Held on February 9, 1999, 150 players were left unprotected by their teams for the Browns to select in the 1999 NFL expansion draft. With the first overall pick, the Browns selected Center Jim Pyne from the Detroit Lions.
Referee changes Edit
Jerry Markbreit retired prior to the 1999 season. He joined the NFL in 1976 as a line judge before being promoted to referee in just his second year. To date, he is the only NFL referee to officiate four Super Bowl games: Super Bowl XVII, Super Bowl XXI, Super Bowl XXVI, and Super Bowl XXIX. Jeff Triplette was promoted from back judge to referee to replace Markbreit.
Major rule changes Edit
- Clipping became illegal around the line of scrimmage just as it was on the rest of the field.
- A new instant replay system (different from the one used from 1986 to 1991) is adopted to aid officiating. The system mirrors a method used by the defunct USFL in 1985:
- In each game, each team has two challenge flags that can be thrown to start an official review of the play in question. Each challenge will require the use of a team's timeout. If the challenge is successful, the timeout is restored.
- Inside of two minutes of each half, and during all overtime periods, all reviews will be initiated by a Replay Assistant. The Replay Assistant has an unlimited number of reviews, regardless of how many timeouts each team has left. And no timeout will be charged for any review by the Replay Assistant.
- All replay reviews will be conducted by the referee on a field-level monitor. A decision will be reversed only when there is indisputable visual evidence to overturn the call. The referee has 90 seconds to review the play.
- The officials will be notified of a replay request or challenge via a specialized electronic pager with a vibrating alert. Each head coach would also have a red flag to use as a backup to get the attention of the officials to challenge a play.
- The replay system will only cover the following situations:
- Scoring plays
- Pass complete/incomplete/intercepted
- Runner/receiver out of bounds
- Recovery of a loose ball in or out of bounds
- Touching of a forward pass, either by an ineligible receiver or a defensive player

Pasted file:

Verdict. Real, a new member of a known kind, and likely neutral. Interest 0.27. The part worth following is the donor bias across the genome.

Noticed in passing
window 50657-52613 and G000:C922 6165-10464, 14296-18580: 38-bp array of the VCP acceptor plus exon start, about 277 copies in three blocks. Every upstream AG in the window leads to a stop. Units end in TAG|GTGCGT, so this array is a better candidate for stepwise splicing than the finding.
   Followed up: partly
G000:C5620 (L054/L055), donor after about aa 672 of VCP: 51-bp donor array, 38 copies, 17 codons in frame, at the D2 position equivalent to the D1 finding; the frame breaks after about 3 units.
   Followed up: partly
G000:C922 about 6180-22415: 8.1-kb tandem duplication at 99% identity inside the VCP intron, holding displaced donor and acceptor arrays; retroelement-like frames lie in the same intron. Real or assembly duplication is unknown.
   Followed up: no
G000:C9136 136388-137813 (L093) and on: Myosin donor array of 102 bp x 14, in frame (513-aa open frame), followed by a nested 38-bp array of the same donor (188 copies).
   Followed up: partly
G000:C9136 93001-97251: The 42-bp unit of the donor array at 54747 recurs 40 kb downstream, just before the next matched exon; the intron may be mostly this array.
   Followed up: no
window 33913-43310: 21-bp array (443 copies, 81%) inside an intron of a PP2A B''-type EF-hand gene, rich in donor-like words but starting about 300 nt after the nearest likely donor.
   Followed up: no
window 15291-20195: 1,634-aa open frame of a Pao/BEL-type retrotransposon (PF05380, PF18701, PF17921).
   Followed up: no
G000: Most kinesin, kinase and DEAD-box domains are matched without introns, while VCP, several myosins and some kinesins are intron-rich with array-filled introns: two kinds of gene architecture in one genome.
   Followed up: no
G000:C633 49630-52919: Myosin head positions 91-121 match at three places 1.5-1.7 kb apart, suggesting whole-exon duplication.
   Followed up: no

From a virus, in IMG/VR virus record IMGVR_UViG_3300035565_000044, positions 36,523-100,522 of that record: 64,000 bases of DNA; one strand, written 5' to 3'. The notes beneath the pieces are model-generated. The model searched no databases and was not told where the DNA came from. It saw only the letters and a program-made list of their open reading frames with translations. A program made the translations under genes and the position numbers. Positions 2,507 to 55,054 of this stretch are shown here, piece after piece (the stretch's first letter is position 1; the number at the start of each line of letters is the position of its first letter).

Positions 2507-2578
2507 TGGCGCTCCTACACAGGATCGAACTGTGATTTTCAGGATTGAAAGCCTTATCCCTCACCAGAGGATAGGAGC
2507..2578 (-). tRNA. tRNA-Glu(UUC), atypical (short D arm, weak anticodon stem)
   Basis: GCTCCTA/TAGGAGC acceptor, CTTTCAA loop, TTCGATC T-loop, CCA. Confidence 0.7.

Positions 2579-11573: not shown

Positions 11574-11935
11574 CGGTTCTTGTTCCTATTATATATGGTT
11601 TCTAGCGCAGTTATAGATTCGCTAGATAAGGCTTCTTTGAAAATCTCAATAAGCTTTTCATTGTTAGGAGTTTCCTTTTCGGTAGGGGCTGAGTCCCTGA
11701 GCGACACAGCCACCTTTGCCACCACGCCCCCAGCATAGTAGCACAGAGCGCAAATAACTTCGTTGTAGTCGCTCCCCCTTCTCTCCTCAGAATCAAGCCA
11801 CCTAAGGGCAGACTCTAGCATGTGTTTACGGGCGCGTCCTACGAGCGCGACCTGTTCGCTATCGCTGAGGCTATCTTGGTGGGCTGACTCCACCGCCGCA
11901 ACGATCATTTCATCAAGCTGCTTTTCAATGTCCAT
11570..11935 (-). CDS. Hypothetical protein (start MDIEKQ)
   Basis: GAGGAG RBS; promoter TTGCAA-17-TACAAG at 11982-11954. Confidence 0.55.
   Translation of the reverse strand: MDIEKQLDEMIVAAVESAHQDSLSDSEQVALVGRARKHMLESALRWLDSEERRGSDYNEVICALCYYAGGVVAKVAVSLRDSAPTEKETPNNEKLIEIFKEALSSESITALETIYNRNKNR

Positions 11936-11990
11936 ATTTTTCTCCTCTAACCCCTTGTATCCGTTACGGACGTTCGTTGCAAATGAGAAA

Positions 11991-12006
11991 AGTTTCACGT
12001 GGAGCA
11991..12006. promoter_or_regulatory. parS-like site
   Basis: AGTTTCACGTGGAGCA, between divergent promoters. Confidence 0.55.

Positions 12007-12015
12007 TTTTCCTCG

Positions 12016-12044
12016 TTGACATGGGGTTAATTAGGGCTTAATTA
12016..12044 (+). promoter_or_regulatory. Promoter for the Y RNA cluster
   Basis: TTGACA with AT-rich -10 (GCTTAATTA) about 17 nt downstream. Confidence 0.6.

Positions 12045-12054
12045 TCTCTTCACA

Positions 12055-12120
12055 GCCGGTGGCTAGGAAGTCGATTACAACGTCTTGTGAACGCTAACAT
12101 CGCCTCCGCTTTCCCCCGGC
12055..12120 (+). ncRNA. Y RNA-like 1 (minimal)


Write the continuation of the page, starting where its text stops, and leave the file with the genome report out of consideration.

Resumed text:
- Quarterback pass or fumble
- Illegal forward pass
- Forward or backward pass
- Runner ruled not down by contact
- Forward progress in regard to a first down
- Touching of a kick
- Too many men on the field
The league also added the following then-minor rule change that became significant in the playoffs a few years later:
- When a Team A player is holding the ball to pass it forward, any intentional forward movement of his hand starts a forward pass, even if the player loses possession of the ball as he is attempting to tuck it back toward his body. Also, if the player has tucked the ball into his body and then loses possession, it is a fumble.
This new interpretation of a forward pass would later be commonly known as the "Tuck Rule", and was repealed in 2013.
1999 deaths Edit
Pro Football Hall of Fame Edit
Regular season Edit
Scheduling formula Edit
Highlights of the 1999 season included:
- Thanksgiving: Two games were played on Thursday, November 25, featuring Chicago at Detroit and Miami at Dallas, with Detroit and Dallas winning.
- Miami was the third AFC Wild Card ahead of Kansas City based on better record against common opponents (6–1 to Chiefs' 5–3).
- N.Y. Jets finished ahead of New England in the AFC East based on better division record (4–4 to Patriots' 2–6).
- Seattle finished ahead of Kansas City in the AFC West based on head-to-head sweep (2–0).
- San Diego finished ahead of Oakland in the AFC West based on better division record (5–3 to Raiders' 3–5).